And while he can tell me that it is Harvard’s intention to tear down the venerable former home of Novia Café, he can’t tell me what will replace it.
“We don’t have a specific plan but it’s always been our intention — we’re in the business of developing buildings downtown,” says Bunden. “It would be our intention to develop that site with the chance of satisfying the business community in the future. But we do not have a specific plan for that site today.”
The building does fall within the Victoria Park Heritage Conservation District — which gives it pretty much the same protections as a heritage building — but there is a process to allow the demolition of protected properties
“The building has completed its useful life. The costs are absolutely prohibitive to restore the building. We have a reputation of restoring buildings that can be restored,” he said.
“We looked at many, many, many options for that building and none of them made sense.”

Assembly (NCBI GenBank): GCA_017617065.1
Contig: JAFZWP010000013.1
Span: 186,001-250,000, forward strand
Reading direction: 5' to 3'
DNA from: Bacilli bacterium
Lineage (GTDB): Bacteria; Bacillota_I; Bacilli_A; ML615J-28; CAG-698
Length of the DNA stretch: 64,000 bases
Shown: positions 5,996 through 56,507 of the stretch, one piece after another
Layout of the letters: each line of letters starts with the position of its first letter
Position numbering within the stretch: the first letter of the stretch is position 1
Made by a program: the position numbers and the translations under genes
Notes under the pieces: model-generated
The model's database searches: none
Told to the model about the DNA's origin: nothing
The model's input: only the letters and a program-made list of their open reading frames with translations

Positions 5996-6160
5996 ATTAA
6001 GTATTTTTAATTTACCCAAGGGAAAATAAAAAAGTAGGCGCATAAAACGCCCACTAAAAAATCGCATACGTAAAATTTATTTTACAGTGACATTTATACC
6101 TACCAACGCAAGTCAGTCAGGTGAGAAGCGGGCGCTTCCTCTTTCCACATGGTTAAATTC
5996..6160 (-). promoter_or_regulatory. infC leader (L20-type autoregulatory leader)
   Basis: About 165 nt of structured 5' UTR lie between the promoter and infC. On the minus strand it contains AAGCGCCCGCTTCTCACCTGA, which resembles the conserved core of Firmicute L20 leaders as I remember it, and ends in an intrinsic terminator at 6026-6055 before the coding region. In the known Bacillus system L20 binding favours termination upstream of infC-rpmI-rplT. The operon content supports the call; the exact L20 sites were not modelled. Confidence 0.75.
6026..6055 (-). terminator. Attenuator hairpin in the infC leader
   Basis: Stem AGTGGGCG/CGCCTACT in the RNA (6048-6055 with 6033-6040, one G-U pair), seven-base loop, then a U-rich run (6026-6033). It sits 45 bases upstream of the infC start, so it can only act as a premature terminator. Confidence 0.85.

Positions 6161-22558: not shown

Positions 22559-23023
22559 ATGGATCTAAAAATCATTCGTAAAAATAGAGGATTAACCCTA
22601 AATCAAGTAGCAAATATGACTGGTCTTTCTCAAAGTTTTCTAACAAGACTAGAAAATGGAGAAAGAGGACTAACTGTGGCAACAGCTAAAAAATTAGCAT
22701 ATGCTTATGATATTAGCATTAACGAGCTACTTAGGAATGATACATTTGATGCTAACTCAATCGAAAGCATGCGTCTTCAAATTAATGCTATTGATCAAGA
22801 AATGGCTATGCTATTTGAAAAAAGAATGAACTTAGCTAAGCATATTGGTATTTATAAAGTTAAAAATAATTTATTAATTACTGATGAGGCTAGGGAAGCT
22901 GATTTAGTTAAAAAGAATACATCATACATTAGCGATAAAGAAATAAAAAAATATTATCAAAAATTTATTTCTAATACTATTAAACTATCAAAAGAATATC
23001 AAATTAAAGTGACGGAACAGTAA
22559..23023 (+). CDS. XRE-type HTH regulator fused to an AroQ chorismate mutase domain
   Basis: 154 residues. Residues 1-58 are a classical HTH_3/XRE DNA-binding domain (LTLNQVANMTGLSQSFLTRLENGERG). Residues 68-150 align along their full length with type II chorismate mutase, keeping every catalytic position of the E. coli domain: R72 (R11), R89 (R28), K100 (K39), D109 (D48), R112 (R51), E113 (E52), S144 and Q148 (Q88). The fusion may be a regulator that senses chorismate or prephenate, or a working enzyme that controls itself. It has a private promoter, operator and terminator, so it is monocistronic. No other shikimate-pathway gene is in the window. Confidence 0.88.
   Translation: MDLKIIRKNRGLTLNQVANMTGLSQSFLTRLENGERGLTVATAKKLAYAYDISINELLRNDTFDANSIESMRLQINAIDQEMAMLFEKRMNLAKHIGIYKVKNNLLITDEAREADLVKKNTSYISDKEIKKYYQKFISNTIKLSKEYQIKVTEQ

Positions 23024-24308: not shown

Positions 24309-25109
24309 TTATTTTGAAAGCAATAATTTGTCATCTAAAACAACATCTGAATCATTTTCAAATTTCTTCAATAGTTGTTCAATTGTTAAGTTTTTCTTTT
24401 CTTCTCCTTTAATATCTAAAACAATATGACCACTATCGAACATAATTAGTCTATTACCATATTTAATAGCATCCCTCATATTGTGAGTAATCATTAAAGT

When asked if perhaps Harvard had allowed the building to fall into disrepair, Bunden replied, “We’ve been in business for 108 years. We have a reputation for maintaining our buildings to the highest quality. And we’ve maintained all our buildings to the highest quality. At some point in time, some types of buildings with certain types of construction reach the end of their useful life.”
City staff are currently reviewing Harvard’s application and will bring a recommendation to council when that is done.
Before a property within the Victoria Park Heritage Conservation District can be demolished, though, council will have to give its approval. So maybe it’s not time to grieve the place just yet.
We’ll have more on this in Thursday’s print edition of the prairie dog.